Fianna Fáil (/ , -/, Irish: [ˌfʲiən̪ˠə ˈfˠaːlʲ] (listen); meaning 'Soldiers of Destiny' or 'Warriors of Fál'), officially Fianna Fáil – The Republican Party (Irish: Fianna Fáil – An Páirtí Poblachtánach), is a conservative and Christian-democratic political party in Ireland.
|General Secretary||Seán Dorgan|
|Seanad Leader||Lisa Chambers|
|Founder||Éamon de Valera|
|Founded||16 May 1926|
|Split from||Sinn Féin|
|Headquarters||65–66 Lower Mount Street, Dublin 2|
|Youth wing||Ógra Fianna Fáil|
|LGBT wing||Fianna Fáil LGBTQI+ Network|
|Membership (2020)||18,000[needs update]|
|Political position||Centre to|
|European affiliation||Alliance of Liberals and Democrats for Europe[a]|
|International affiliation||Liberal International|
|European Parliament group||Renew Europe[b]|
36 / 160
21 / 60
2 / 13
|Local government in the Republic of Ireland|
276 / 949
^ a: previously a member of the Alliance for Europe of the Nations (2002–09)
^ b: Member of the EPD group from 1973 to 1984, the EDA group from 1984 to 1995, the UfE group from 1995 to 1999, the UEN group from 1999 to 2009, and the ALDE group from 2009 to 2014.
The party was founded as an Irish republican party on 16 May 1926 by Éamon de Valera and his supporters after they split from Sinn Féin in the aftermath of the Irish Civil War on the issue of abstentionism on taking the Oath of Allegiance to the British Monarchy, which de Valera advocated in order to keep his position as a Teachta Dála (TD) in the Irish parliament, in contrast to his position before the Irish Civil War. Since 1927, Fianna Fáil has been one of Ireland's two major parties, along with Fine Gael since 1933; both are seen as centre-right parties, to the right of the Labour Party and Sinn Féin. The party dominated Irish political life for most of the 20th century, and, since its foundation, either it or Fine Gael has led every government. Between 1932 and 2011, it was the largest party in Dáil Éireann, but latterly with a decline in its vote share; from 1989 onwards, its periods of government were in coalition with parties of either the left or the right.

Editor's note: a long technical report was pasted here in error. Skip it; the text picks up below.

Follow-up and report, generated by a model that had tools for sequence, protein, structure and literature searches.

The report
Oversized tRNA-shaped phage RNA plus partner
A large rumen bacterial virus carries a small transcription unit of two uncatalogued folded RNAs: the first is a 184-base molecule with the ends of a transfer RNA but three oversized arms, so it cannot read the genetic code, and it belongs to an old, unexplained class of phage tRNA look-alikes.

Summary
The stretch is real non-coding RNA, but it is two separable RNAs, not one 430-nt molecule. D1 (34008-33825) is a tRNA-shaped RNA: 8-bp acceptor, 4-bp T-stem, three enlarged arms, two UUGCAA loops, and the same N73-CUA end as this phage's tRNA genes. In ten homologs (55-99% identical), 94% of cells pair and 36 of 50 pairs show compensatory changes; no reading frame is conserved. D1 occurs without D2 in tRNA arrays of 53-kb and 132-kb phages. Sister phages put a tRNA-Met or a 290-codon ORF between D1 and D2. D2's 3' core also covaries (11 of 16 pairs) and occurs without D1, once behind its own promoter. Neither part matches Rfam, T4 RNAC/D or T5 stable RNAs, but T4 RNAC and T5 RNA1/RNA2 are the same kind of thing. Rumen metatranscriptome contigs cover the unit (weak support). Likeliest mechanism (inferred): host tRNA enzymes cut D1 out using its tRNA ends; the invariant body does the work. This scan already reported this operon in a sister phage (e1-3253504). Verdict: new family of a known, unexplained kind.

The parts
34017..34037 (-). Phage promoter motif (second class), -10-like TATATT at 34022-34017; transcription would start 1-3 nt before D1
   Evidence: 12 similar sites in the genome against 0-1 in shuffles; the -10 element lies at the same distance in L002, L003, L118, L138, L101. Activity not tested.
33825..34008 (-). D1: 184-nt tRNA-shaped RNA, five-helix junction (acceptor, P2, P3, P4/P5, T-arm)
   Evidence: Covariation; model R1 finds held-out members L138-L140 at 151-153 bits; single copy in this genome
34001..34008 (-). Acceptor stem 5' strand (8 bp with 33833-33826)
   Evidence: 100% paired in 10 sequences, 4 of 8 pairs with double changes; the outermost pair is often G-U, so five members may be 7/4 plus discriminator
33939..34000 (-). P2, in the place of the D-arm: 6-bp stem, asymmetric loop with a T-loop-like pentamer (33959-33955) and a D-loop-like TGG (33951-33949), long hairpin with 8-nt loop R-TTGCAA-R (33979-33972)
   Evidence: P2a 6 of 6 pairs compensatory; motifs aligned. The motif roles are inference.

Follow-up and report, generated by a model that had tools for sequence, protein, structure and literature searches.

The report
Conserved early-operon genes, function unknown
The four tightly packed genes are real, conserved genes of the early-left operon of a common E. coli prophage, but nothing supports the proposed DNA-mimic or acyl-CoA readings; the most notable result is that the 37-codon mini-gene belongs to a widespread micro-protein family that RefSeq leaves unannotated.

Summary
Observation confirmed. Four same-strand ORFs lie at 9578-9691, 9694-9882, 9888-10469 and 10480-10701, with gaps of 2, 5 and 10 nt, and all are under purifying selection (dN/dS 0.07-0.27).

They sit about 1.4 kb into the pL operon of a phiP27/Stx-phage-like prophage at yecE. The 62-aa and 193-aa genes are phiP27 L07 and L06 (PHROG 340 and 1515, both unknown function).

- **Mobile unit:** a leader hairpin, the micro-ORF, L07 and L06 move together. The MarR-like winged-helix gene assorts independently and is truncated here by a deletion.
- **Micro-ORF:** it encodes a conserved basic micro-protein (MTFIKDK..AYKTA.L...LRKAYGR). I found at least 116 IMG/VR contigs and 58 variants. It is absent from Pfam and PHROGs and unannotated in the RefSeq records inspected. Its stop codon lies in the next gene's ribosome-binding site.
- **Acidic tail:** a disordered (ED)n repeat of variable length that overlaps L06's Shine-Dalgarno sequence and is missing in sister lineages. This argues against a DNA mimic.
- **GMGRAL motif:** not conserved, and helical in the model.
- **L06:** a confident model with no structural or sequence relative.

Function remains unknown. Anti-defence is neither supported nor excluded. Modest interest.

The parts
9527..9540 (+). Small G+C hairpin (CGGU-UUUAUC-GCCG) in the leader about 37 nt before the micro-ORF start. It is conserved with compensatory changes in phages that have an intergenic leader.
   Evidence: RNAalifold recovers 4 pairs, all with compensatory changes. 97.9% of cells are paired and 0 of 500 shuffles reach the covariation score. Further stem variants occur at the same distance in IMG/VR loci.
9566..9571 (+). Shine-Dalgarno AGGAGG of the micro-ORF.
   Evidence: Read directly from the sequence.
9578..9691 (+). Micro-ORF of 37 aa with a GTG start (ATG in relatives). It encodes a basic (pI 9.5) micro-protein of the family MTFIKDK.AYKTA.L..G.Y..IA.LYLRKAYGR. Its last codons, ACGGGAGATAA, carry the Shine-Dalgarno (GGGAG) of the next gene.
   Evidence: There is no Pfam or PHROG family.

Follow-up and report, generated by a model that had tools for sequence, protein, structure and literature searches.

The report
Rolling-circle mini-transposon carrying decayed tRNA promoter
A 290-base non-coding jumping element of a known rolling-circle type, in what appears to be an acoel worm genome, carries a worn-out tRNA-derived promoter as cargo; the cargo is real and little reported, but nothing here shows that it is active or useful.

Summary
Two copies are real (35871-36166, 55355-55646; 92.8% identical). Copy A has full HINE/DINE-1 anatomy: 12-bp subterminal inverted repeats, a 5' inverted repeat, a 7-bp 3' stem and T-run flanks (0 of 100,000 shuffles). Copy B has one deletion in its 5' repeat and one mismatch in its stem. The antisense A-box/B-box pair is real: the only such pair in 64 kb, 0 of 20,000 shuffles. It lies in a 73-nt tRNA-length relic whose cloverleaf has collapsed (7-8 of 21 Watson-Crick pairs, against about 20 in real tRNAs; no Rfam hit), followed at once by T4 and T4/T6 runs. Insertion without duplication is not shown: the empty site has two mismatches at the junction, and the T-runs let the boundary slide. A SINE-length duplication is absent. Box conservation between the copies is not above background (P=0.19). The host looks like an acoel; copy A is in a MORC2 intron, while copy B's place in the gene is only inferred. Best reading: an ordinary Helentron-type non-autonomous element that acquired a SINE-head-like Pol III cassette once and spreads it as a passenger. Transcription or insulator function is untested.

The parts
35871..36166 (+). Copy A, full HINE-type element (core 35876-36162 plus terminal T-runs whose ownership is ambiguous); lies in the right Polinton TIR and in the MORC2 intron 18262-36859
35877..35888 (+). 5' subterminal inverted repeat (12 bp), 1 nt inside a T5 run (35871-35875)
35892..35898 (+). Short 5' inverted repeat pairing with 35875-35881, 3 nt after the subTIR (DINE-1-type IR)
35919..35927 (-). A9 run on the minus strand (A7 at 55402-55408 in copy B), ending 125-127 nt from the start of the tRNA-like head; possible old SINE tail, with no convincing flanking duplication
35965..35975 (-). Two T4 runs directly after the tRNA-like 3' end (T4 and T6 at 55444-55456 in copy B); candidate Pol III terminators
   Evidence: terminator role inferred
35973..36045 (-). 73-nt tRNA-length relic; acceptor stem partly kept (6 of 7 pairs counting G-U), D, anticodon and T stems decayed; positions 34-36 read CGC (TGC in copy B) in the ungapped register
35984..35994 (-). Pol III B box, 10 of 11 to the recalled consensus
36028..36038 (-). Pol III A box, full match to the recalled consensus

Fianna Fáil's vote collapsed in the 2011 general election; it emerged in third place, in what was widely seen as a political realignment in the wake of the post-2008 Irish economic downturn. By 2016, it had recovered enough to become the largest opposition party, and it entered a confidence and supply arrangement with a Fine Gael–led minority government. In 2020, after a number of months of political stalemate following the general election, Fianna Fáil agreed with Fine Gael and the Green Party to enter into an unprecedented coalition, with the leaders of Fianna Fáil and Fine Gael rotating between the roles of Taoiseach and Tánaiste.
Fianna Fáil is a member of the Alliance of Liberals and Democrats for Europe and of Liberal International. From February 2019 to September 2022, Fianna Fáil was in partnership with the Social Democratic and Labour Party in Northern Ireland.